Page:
North Yorkshire police officers have forcibly removed a great-grandmother serving tea and coffee. The police say they moved Jackie Brooks and a number of other anti-fracking protesters “for their own safety”. But tea-serving Brooks claims the coppers used “bullying tactics”.
Brooks has been serving refreshments to both protesters and police from the same location at Habton Road, Kirby Misperton, since September. Habton Road is the site of protests against hydraulic fracturing (fracking) at KM8, a well soon to be used for exploration by fracking company Third Energy. But police moved the refreshments table, run by Brooks and her husband Jim, because of a nearby tower.
On 8 October, activists erected a ten-foot stack of pallets next to the gates of KM8 following allegations that police have prevented protesters from filming. The tower has been occupied by Eddie Thornton, who said:
It is essential for our safety and legal protection that we are able to film the police unhindered. The UK law is very clear that citizens have the right to film and photograph police officers, and we have repeatedly [asked] that that right is respected.
‘Step away from the picnic table’
But on 9 October, what Brooks described as “a police mountain rescue team from South Yorkshire” arrived to remove Thornton and dismantle the tower. And to aid this operation, North Yorkshire Police ordered Brooks to “step away from the picnic table” as protesters chanted “shame”.
But after Brooks refused to move, police moved her table and equipment instead.
A spokesperson for North Yorkshire Police said:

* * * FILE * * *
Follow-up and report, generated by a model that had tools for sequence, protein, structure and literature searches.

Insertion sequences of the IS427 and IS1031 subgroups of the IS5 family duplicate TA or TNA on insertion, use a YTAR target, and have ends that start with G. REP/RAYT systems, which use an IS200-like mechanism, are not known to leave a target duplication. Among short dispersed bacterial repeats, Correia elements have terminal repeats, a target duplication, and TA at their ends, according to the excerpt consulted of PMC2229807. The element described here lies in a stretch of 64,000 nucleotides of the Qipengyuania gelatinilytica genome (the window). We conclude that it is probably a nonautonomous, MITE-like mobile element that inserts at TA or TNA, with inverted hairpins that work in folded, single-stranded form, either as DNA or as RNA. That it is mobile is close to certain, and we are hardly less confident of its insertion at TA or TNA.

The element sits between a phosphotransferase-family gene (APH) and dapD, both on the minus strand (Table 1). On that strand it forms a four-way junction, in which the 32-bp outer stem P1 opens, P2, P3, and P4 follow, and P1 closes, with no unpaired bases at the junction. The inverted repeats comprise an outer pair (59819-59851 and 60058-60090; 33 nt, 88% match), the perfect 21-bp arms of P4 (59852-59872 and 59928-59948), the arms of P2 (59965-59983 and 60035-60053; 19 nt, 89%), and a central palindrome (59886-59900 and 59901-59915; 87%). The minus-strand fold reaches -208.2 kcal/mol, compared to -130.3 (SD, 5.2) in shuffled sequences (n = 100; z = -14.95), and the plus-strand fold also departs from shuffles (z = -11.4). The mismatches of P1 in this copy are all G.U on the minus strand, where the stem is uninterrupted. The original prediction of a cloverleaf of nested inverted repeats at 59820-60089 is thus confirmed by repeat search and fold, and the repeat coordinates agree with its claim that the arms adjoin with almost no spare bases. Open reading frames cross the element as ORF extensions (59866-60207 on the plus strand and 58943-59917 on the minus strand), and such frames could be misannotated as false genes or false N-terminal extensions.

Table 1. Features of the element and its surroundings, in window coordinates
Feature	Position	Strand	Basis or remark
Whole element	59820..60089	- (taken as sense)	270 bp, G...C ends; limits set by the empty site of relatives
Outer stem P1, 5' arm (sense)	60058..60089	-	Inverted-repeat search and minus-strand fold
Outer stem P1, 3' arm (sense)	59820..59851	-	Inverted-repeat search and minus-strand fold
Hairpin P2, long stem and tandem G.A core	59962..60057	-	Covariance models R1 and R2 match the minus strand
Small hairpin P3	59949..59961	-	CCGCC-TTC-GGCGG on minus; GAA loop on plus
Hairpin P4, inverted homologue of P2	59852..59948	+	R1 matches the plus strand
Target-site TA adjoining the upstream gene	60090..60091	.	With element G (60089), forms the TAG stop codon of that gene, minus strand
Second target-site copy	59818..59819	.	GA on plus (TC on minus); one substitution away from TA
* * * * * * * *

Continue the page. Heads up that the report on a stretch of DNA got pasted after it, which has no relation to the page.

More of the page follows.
Officers had to move several people away from a tower of pallets this morning, after we received advice from the local authority that it may not be safe. … We will always act to protect people from harm.
But Brooks says she believes the act is “just another way of pushing us around”.
And on the morning of 9 October, a lorry delivered the first part of KM8’s drilling rig.
North Yorkshire Police faced criticism after using a fire engine to remove KM8 protesters from a previous tower on 2 October. Steve Howley, North Yorkshire branch secretary of the Fire Brigades Union, said of the incident:
I think the police should not have used us in that manner. I think it was a misuse of fire service resources. It was a false alarm. We are often talking about nuisance calls. This was a nuisance call on the behalf of the police. We should not have been there.
Police in both North Yorkshire and Lancashire have claimed these towers pose a danger to the public. But protesters say the ‘safety concerns’ are a cover for the police’s “bullying tactics”. These worries come in the shadow of long-running [pdf] allegations of police violence against anti-fracking protesters. It’s almost as if safety concerns are just an excuse.
UPDATE: This article was amended at 1:22pm to clarify the description of the “police mountain rescue team from South Yorkshire”.
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